Parties are not allowed to be represented by attorneys in small claims court. Neither side is allowed to have an attorney represent them. Each side is required to represent himself or herself in front of the court. Either side can request that the case be removed to regular district court (which means either side could then be represented by an attorney). The disadvantage to this is that district court uses normal rules of discovery and presentation of evidence which means the case will take much longer to reach a conclusion.

How Much Money Can a Party Sue for in Small Claims Court?

A small claims court in Clare County cannot award a party more than $6,000 (not including court costs and other fees). If a plaintiff filed a case in small claims court that is worth more than six thousand dollars, the plaintiff can still choose to file the case in small claims court. If they do, the party waives their right to recover any amount above six thousand. Additionally, the plaintiff is precluded from filing another case to ask for the amount above the threshold.

What Happens at a Small Claims Court Hearing

The plaintiff will have the opportunity to present evidence first. The defendant will then have the chance to present their side. If the plaintiff does not show up for the hearing, the court will likely dismiss the case. The court may enter a default judgment is the defendant fails to appear at the hearing.

Filing a Small Claims Court Case in Clare County

A party wishing to file a small claims court case needs to complete a form(print out and complete). Once completed, the form needs to be filed with the 80th District Court clerk. Along with the filing, the plaintiff must pay a filing fee which varies based on the amount of the claim. Filings fees for small claims court cases are:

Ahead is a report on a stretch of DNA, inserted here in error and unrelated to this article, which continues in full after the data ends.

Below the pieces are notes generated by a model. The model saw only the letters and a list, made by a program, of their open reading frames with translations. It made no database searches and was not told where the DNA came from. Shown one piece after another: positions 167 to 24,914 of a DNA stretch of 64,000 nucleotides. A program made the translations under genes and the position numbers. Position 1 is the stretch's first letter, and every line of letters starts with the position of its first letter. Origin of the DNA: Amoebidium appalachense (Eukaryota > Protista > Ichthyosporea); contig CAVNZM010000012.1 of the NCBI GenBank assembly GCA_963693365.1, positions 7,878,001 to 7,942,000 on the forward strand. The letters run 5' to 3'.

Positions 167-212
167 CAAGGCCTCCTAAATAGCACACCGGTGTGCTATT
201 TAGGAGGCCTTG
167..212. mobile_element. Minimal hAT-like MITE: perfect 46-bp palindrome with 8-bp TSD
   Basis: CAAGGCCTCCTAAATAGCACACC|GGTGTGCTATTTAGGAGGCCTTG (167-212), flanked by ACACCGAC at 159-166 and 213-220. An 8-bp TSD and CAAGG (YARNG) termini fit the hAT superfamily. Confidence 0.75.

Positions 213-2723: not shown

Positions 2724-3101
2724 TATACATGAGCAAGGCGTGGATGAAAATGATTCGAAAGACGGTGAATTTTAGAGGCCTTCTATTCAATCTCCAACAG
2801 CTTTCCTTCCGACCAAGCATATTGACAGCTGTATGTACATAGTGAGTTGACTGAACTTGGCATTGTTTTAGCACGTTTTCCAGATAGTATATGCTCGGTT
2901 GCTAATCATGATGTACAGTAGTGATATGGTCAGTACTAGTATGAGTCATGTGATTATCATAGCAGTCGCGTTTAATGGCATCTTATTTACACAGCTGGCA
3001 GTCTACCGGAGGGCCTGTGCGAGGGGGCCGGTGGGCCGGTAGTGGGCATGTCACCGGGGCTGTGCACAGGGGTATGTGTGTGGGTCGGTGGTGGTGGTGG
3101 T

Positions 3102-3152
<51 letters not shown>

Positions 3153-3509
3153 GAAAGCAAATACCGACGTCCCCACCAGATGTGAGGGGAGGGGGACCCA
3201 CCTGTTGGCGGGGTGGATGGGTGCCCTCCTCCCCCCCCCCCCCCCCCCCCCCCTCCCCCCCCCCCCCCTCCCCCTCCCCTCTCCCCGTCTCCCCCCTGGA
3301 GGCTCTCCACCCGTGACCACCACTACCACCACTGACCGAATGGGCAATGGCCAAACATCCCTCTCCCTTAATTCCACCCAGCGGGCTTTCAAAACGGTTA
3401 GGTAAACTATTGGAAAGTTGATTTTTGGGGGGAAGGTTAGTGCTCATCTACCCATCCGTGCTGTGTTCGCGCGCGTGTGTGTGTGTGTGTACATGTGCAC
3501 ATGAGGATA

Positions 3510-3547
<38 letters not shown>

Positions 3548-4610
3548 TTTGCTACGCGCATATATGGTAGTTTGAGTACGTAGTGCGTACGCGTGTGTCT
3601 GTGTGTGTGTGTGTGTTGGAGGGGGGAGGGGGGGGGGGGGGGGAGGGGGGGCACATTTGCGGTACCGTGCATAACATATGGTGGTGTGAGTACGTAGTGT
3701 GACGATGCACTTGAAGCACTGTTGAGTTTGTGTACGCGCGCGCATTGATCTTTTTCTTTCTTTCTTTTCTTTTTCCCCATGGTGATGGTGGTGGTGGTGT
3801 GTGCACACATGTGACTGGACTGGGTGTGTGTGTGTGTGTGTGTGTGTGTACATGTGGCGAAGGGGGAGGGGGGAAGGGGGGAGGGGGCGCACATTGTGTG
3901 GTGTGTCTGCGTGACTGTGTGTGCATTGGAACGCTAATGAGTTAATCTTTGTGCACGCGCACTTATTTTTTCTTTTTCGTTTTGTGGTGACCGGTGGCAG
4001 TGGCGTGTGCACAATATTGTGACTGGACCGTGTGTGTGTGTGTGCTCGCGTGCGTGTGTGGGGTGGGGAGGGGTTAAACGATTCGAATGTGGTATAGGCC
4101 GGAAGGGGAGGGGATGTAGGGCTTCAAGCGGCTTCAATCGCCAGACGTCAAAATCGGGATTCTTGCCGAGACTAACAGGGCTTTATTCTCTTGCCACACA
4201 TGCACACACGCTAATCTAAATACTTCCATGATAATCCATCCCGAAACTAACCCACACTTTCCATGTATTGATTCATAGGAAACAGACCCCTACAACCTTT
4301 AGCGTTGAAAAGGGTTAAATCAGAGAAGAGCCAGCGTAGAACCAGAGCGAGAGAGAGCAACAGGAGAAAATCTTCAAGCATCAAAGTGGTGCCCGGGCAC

• $30 – for claims up to $600
  • $50 – for claims between $600 and $1,750
  • $70 – for claims between $1,750 and up to $6,000

If the plaintiff prevails in the case, the court may allow the plaintiff to request the cost of the filing fee be added to the damages in the case (and ultimately paid by the defendant). Once the case has been filed, the clerk should provide you with the case number. Keep the court case number as you will use it anytime you contact the court about your case (or complete any additional paperwork about your case). Along with the court case number, the clerk should provide you with the location, date, and time of the hearing for your case.

Preparing for a Small Claims Court Hearing

Before the hearing, parties should gather all documents, papers, and other evidence related to the case. This includes any contracts, written agreements, receipts, photographs, or videos that involve the subject matter of your case. Both the plaintiff and defendant will have the chance to present evidence to the court. It is strongly recommended you write out what you plan on saying before the hearing (at least an outline or bullet points). Also, if there are any witnesses besides yourself who have information that would support your position, you should arrange to have them present at the hearing so they can present testimony to the court.